However it has been stated that CBN and CBD are much better at being absorbed, this is why we tend to see more CBD creams than anything else.
The cannabinoids activate the CB2 receptors in the skin but never make it to the bloodstream, this is why these sorts of things are better for localised problems int he skin and joints and not be relied upon to travel around the body.
Rectal Absorption of Cannabinoids
This is another way of taking advantage of cannabinoids, through the use of suppositories. A long history of use in medicine, they are not to be forgotten as an effective method for administering.
That being said there are reasons to take CBD rectally such as localised inflammation, cancer or Haemorrhoids. Or your doctor might think its best, there are still lots of reports of people benefiting from the suppositories so I wouldn’t rule it out as there is not much research done on the matter yet.
So it is really hard to say but a conservative estimate of everything we know about is that suppositories have a bioavailability of around 5-15%.
There are articles on the web that claim bioavailability of 50% to 70% via rectal administration but they provide no scientific proof.
Nasal Absorption of CBD
A rarer way of taking cannabinoids but one interesting study shows a bioavailability of 34-46% when taking through the nasal passage(nose), whether it had used permeation enhancers or not. Maybe this is the next big way.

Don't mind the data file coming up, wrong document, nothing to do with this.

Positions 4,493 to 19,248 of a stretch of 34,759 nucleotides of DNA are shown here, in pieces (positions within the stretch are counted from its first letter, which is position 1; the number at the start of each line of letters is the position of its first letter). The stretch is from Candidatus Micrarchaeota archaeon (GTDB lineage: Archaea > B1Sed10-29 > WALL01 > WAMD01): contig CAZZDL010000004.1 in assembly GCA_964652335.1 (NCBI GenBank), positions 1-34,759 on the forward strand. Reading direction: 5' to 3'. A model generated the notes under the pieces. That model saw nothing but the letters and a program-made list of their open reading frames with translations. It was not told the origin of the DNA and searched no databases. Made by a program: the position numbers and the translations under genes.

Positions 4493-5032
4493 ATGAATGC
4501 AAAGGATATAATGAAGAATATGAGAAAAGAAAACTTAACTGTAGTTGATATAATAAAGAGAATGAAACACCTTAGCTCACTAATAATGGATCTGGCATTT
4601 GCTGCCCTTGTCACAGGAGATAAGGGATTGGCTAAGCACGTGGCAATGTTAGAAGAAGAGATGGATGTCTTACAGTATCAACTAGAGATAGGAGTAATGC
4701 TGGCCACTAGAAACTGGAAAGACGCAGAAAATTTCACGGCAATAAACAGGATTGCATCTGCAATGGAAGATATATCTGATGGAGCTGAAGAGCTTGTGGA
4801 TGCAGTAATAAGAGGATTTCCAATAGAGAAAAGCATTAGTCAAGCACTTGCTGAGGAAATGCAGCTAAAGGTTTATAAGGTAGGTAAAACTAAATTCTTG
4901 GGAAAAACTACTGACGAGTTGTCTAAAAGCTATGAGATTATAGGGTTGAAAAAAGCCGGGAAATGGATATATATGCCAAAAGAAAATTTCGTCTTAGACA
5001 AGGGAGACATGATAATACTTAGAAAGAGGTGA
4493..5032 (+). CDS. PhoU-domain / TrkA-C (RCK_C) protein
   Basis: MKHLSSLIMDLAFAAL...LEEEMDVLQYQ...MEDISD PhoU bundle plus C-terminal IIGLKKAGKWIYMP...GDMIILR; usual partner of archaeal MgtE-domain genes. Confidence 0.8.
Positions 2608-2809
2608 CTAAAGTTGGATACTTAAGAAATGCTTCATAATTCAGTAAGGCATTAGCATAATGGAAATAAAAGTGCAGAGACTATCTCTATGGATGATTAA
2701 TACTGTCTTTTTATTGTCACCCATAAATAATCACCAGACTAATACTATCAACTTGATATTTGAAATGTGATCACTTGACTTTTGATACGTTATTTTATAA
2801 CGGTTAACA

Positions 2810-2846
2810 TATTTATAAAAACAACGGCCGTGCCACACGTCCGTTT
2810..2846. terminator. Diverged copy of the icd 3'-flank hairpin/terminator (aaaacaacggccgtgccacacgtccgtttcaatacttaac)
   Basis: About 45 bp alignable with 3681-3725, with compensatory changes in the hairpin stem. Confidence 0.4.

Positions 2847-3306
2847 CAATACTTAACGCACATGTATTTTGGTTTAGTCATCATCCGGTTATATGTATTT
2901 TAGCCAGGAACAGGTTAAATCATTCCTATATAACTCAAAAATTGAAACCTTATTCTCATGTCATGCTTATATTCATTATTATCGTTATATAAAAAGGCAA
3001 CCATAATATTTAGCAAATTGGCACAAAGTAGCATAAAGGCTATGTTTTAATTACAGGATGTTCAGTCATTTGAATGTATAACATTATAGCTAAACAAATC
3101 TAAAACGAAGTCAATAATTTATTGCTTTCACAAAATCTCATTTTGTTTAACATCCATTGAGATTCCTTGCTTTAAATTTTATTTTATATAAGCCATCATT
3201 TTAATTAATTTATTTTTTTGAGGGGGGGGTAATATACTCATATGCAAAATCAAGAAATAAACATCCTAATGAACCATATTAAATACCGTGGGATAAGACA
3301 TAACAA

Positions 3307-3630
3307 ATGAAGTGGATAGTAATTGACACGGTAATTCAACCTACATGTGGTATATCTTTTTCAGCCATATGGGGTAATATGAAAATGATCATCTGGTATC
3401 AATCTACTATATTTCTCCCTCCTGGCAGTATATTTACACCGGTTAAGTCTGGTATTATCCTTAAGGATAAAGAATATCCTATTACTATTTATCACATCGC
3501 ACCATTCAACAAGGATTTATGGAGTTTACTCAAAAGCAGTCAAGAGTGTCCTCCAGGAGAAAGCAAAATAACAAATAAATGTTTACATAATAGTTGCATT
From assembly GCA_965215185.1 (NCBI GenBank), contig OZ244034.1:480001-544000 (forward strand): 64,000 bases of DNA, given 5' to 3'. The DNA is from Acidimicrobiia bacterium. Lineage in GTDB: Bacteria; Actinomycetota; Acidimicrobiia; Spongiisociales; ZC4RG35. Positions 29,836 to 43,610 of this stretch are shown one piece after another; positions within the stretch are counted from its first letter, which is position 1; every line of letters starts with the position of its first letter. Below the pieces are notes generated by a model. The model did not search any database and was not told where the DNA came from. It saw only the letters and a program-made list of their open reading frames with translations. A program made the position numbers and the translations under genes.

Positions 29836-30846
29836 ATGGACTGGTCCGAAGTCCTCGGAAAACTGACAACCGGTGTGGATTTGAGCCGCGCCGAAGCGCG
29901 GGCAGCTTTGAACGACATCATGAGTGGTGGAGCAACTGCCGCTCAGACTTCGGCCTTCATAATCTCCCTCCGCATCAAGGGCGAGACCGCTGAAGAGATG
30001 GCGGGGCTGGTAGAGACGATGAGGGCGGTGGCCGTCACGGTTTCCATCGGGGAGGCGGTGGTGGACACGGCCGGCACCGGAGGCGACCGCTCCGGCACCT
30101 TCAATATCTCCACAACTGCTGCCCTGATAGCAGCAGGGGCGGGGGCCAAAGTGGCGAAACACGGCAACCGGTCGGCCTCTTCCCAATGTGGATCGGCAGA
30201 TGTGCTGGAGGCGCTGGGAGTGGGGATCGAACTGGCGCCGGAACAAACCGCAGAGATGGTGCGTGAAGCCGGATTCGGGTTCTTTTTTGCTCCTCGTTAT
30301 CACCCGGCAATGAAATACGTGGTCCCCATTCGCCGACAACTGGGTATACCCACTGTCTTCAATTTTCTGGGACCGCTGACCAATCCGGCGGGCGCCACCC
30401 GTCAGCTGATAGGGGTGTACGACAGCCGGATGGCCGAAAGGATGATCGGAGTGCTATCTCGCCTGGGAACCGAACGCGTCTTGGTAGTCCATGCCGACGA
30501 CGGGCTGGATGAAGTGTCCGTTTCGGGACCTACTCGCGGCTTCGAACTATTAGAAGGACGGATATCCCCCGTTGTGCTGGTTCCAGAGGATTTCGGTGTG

There is still a lot of research to be done on the matter for conclusive results. many of these studies have been done on either THC alone or CBD alone or a combination of cannabinoids so there is no definitive answer for just CBD or just THC. However, cannabinoids are generally considered to be fairly similar when it comes to bioavailability.
There is clearly some research to be done and all of the information in this article is based on facts we find from studies, but there is a long way to go and a lot more to be done. THC has had the most research but the number of studies currently being conducted on CBD and other cannabinoids means that there will be much more information in the future.
So let’s have a quick rundown of the bioavailability of cannabinoids through various methods of application:
- Smoking or Vaping is 30-40% bioavailability
- Capsules and Edibles are 5-15% bioavailability
- Sublingually is around 20-30% bioavailability
- Topically is only skin deep
- Rectal is 5-15% bioavailability
As always, if you have any questions, please ask below, or get in touch.
Image credit: Jane street, Nootriment
References(others linked in text):
 Solowij N, Broyd SJ, van Hell HH, Hazekamp A. A protocol for the delivery of cannabidiol (CBD) and combined CBD and ?9-tetrahydrocannabinol (THC) by vaporisation. BMC Pharmacol Toxicol. 2014;15:58.